Wednesday, 13 May 2009

Interview: The Veils


“We might be dead or dropped in a year; then these songs will make sense.” Finn Andrews reflects upon The Veils new album Sun Gangs with James McGalliard in Reading

“When [debut album] The Runaway Found came out, I felt like the success we had that early on, I really didn’t deserve. And I think that was part of the reason for dissolving that line-up. I didn’t feel ready to be playing to that many people, and in some parts of the world out of nowhere it was a thousand people showing up. And I didn’t feel up to it at all. I was just scared by the whole thing”

Finn Andrews, singer, songwriter and founder of The Veils is someone who lives by his feelings in the present moment, and knows that these diverse impulses will make some sense in the future. In his work and in his writing he trusts his inner voice; the world will catch up in time. So to talk about their third album, Sun Gangs, we end up talking about its predecessor. “It seemed odd with this album [Sun Gangs] coming out and people were talking about Nux, and ‘oooh Nux Vomica - a hard act to follow’. It just seems so bizarre because when it came out no one seemed to give a shit... I was so excited about that record and it came out and waiting for what’s everyone’s reaction gonna be. There was a kind of shrug until about a year later…”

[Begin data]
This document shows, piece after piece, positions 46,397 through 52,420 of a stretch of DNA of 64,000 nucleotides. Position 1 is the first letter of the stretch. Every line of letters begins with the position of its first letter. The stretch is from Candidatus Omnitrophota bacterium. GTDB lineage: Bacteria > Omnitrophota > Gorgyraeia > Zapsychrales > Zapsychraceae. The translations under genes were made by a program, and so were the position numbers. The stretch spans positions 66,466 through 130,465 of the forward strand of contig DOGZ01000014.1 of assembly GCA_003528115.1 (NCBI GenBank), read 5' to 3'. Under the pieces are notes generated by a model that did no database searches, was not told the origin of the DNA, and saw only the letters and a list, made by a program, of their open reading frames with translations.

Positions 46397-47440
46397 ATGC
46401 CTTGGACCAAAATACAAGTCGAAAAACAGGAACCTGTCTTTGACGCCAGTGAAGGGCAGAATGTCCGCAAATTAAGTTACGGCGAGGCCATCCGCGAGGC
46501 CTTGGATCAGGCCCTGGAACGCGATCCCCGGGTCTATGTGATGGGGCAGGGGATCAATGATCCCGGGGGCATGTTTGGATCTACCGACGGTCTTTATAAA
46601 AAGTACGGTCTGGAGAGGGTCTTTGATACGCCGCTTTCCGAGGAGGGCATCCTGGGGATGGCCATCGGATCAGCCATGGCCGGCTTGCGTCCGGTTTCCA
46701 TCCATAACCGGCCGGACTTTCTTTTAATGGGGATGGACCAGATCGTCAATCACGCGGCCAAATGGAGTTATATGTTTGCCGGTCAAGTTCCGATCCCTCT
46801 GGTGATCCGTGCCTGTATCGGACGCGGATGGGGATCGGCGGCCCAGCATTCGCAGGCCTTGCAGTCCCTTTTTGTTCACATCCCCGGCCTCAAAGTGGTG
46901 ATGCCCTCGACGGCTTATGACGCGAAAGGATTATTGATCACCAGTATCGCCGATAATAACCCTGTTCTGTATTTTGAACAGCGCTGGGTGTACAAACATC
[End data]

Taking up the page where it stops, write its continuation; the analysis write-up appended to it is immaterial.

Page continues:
“With this one I feel so proud of it, and when we finished it I was so overawed with just everything that had gone in to it. It just reminded me of this whole time - it’s just so personal. I don’t really care anymore or keep track of it anymore what people are making of it. It is really complimentary and humbling if people compliment you on it.”

There is a world of contrasts in both Andrews, and the music he and the band creates. Born in London, raised in New Zealand, his speaking voice is deep, and somehow both authoritative and uncertain at the same time. There’s ferocity in his onstage delivery, yet here in the real world there’s an indefinable vulnerability to him. But although seemingly conflicted, he’s honest and genuine throughout.